My Math Forum How to approach this integral?

 Calculus Calculus Math Forum

February 22nd, 2019, 08:44 AM   #1
Newbie

Joined: Feb 2019
From: United states

Posts: 9
Thanks: 0

How to approach this integral?

How approach this integral? I have assumed z=nx and hence
Then derivative gives #dz=ndx#. Now it becomes this
Integral from #\frac{n} {n+1}# to 1 ##\frac{arctan(z)dz} {n arcsin(z)}##. After this I am not able to proceed further.
Attached Images
 IMG-20190222-WA0020.jpg (9.3 KB, 38 views)

 February 22nd, 2019, 10:33 AM #2 Global Moderator   Joined: Dec 2006 Posts: 20,969 Thanks: 2219 Where did you get the question from? The fourth answer seems to be correct. Thanks from idontknow
 February 22nd, 2019, 01:09 PM #3 Global Moderator   Joined: May 2007 Posts: 6,822 Thanks: 723 To get the answer, note that for large n the integrand $\approx \frac{tan^{-1}(1)}{sin^{-1}(1)}=\frac{\pi/4}{\pi/2}=\frac{1}{2}$, so $C_n\approx \frac{1}{2n^2}$ Thanks from topsquark and idontknow
February 22nd, 2019, 04:12 PM   #4
Senior Member

Joined: Sep 2016
From: USA

Posts: 645
Thanks: 406

Math Focus: Dynamical systems, analytic function theory, numerics
Quote:
 Originally Posted by mathman To get the answer, note that for large n the integrand $\approx \frac{tan^{-1}(1)}{sin^{-1}(1)}=\frac{\pi/4}{\pi/2}=\frac{1}{2}$, so $C_n\approx \frac{1}{2n^2}$
Interchanging limits like that is not always allowed. For example, your analysis applied to the following sequence would give a wrong answer.
$C_n = \int_0^{n} 1/n \ dx$
In general I would say its a bad idea to think about it this way even if just for "intuition" since the intuition gained is wrong.
Justifying when you can interchange limits or not typically requires the dominated convergence theorem or monotone convergence theorem. Both of which are a bit advanced for a calculus student.

February 23rd, 2019, 01:58 PM   #5
Global Moderator

Joined: May 2007

Posts: 6,822
Thanks: 723

Quote:
 Originally Posted by SDK Interchanging limits like that is not always allowed. For example, your analysis applied to the following sequence would give a wrong answer. $C_n = \int_0^{n} 1/n \ dx$ In general I would say its a bad idea to think about it this way even if just for "intuition" since the intuition gained is wrong. Justifying when you can interchange limits or not typically requires the dominated convergence theorem or monotone convergence theorem. Both of which are a bit advanced for a calculus student.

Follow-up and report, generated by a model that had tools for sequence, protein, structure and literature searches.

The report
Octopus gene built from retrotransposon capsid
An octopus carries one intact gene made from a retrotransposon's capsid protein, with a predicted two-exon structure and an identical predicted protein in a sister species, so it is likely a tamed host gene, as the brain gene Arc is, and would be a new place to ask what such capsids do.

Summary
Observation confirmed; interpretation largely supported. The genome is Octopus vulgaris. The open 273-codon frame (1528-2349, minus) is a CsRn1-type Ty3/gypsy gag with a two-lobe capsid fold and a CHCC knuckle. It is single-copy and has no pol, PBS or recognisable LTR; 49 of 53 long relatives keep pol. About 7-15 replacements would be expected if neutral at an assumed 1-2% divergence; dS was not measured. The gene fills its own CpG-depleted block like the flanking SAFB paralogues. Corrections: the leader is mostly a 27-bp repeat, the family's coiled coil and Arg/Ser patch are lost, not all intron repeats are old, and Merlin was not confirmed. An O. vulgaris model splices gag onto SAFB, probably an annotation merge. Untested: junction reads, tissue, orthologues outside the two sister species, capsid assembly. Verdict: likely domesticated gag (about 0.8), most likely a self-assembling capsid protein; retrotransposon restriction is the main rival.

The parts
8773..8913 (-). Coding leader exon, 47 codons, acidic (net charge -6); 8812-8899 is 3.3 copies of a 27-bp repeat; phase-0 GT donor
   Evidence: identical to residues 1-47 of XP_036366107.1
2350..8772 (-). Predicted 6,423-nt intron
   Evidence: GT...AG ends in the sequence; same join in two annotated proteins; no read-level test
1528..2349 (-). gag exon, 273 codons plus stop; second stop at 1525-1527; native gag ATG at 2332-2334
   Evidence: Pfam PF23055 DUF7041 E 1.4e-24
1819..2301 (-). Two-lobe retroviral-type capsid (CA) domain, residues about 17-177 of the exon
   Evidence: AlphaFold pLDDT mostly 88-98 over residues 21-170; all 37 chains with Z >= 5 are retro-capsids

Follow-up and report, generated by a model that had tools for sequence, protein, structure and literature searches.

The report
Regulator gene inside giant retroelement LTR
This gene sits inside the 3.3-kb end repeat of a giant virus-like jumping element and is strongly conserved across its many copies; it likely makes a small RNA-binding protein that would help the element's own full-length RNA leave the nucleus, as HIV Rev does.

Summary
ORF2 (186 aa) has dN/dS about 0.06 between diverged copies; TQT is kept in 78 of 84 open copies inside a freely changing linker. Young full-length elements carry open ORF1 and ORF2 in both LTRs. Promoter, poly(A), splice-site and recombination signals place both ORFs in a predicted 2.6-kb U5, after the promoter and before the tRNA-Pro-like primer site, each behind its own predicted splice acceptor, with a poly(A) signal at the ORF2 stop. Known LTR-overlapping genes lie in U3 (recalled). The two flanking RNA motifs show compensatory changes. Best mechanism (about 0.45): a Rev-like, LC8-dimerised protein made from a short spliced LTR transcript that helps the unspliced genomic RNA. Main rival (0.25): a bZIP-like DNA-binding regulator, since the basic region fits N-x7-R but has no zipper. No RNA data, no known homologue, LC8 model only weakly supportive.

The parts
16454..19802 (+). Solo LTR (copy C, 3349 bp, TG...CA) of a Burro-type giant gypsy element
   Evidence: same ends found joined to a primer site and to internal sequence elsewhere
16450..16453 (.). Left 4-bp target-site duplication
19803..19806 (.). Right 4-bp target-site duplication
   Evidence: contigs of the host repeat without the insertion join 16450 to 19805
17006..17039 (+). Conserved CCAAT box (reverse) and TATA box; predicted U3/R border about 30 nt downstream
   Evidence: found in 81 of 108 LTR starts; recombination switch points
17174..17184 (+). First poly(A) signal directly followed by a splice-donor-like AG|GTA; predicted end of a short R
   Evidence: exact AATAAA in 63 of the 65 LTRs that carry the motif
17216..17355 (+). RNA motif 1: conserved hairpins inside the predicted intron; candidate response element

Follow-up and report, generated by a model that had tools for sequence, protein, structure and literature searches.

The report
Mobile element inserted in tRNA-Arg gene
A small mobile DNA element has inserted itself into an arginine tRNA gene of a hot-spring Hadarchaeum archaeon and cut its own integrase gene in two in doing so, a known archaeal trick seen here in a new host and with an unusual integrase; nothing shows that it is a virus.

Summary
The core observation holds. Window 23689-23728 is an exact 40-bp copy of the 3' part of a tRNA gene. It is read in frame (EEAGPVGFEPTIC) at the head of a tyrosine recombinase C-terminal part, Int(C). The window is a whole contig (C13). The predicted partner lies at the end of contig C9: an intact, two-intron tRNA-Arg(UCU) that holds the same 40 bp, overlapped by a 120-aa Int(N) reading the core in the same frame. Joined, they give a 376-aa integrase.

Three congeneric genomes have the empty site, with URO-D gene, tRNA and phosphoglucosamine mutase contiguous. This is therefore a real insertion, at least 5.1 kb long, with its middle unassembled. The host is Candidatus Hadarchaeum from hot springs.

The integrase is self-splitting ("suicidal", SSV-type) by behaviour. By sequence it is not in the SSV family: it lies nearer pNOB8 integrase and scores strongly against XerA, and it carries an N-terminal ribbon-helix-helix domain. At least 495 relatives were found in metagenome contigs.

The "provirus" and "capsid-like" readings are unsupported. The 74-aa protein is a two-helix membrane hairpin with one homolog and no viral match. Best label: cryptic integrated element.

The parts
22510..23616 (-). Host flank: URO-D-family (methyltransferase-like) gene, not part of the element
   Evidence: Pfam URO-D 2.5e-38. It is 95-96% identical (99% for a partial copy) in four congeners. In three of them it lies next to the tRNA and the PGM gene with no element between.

In your example $C_n=1$ for all $n$. What is the problem?

What is wrong with my answer. It could have been expressed with usual $\epsilon, n$ notation, but the result would be the same.

February 23rd, 2019, 04:04 PM   #6
Senior Member

Joined: Sep 2016
From: USA

Posts: 645
Thanks: 406

Math Focus: Dynamical systems, analytic function theory, numerics
Quote:
 Originally Posted by mathman In your example $C_n=1$ for all $n$. What is the problem? What is wrong with my answer. It could have been expressed with usual $\epsilon, n$ notation, but the result would be the same.
Yes $C_n = 1$ for all $n$. The problem is that
$\int_0^n \lim_{n \to \infty} 1/n \ dx = 0$ for all $n$ so obviously the limit exchange,
$\lim_{n \to \infty} \int_0^n 1/n \ dx = \int_0^n \lim_{n \to \infty} 1/n \ dx$
fails in this example. But this limit exchange is exactly what you implied in your example without justifying why it is allowed in that case.

February 24th, 2019, 01:29 PM   #7
Global Moderator

Joined: May 2007

Posts: 6,822
Thanks: 723

Quote:
 Originally Posted by SDK Yes $C_n = 1$ for all $n$. The problem is that $\int_0^n \lim_{n \to \infty} 1/n \ dx = 0$ for all $n$ so obviously the limit exchange, $\lim_{n \to \infty} \int_0^n 1/n \ dx = \int_0^n \lim_{n \to \infty} 1/n \ dx$ fails in this example. But this limit exchange is exactly what you implied in your example without justifying why it is allowed in that case.
I should have given more detail for the first step. In the range of integration $tan^{-1}(1-\frac{1}{n+1})\le tan^{-1}(nx) \le tan^{-1}(1)$, similarly for $sin^{-1}(nx)$, so that the integrand can be approximated by a constant $k=\frac{tan^{-1}(1)}{sin^{-1}(1)}$ and the integral $\int_{1/(n+1)}^{1/n}dx$ becomes $\approx \frac{k}{n(n+1)}\approx \frac{k}{n^2}$, where $k=1/2$.

 Thread Tools Display Modes Linear Mode

 Similar Threads Thread Thread Starter Forum Replies Last Post Conway51 Number Theory 31 November 10th, 2017 05:35 PM VisionaryLen Calculus 19 October 28th, 2016 11:29 AM alikim Elementary Math 6 June 10th, 2015 09:35 AM cmmcnamara Advanced Statistics 4 February 10th, 2010 05:49 AM

 Contact - Home - Forums - Cryptocurrency Forum - Top